The researchers found that the female participants who reported having strong maternal relationships were 44% less likely to become sexually active in those four years than those who reported they were not close with their mothers.
The girls' relationships with their fathers didn't appear to affect the results; nor was male participants' sexual activity affected by parental relationships. Of the 2,931 participants, 233 became sexually active during the course of the four-year study: 77 girls and 156 boys.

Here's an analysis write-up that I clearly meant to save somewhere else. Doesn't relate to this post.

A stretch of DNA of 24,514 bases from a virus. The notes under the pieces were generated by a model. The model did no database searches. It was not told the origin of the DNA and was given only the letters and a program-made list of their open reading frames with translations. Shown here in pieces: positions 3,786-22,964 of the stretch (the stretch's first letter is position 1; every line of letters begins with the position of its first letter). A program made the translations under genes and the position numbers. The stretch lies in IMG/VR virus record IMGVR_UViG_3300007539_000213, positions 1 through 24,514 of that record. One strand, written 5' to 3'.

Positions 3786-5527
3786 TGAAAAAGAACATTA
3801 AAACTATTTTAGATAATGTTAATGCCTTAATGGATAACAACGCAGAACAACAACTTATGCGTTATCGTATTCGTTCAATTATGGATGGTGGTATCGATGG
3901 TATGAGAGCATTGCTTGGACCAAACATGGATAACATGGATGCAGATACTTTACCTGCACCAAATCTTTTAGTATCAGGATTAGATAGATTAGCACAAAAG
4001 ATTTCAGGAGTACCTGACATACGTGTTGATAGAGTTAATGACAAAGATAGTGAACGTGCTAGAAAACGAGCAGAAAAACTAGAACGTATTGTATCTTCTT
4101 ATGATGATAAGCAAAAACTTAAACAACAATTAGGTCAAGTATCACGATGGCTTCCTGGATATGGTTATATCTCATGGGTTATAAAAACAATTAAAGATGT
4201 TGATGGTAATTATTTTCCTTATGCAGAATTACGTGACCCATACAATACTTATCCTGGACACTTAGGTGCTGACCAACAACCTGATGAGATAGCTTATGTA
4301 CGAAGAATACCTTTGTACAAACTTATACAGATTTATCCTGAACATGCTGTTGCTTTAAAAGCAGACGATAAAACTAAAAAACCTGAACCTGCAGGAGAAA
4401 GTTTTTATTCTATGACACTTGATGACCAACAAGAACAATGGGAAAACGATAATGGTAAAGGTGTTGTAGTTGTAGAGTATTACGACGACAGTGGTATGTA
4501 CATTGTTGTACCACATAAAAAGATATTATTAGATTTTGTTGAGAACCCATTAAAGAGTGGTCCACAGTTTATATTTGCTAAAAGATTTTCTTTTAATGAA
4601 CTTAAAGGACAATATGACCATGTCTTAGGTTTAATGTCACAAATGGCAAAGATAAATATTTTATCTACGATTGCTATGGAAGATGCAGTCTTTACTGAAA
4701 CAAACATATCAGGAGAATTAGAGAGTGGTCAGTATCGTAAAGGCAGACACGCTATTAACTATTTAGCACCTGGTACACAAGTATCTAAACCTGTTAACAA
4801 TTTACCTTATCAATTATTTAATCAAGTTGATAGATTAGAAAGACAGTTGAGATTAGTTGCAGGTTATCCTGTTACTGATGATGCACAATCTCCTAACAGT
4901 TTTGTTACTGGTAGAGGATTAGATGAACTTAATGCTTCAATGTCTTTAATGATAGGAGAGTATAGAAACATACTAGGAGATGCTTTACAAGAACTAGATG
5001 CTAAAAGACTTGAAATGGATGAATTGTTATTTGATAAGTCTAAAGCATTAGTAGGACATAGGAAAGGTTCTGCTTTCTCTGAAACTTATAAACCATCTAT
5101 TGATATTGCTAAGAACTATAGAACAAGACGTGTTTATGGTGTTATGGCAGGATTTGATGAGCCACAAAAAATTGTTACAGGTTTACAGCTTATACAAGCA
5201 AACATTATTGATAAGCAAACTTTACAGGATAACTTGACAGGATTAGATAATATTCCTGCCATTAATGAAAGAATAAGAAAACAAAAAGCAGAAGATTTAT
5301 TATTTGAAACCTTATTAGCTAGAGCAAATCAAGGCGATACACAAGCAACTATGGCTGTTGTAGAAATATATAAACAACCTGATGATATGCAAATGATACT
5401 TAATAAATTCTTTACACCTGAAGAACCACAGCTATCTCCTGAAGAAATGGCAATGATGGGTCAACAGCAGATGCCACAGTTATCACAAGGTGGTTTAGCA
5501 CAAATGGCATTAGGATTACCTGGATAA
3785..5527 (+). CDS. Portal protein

So, why could this be? According to the researchers, mothers tended to be the "primary providers of sexuality education within families." So, those girls who were close with their mothers received more knowledge about sex. This study goes to show that if more mothers are willing to have open and candid conversations about sex with their children, the more informed those kids will be. In turn, this education will increase the likeliness of their making informed decisions about their sexuality.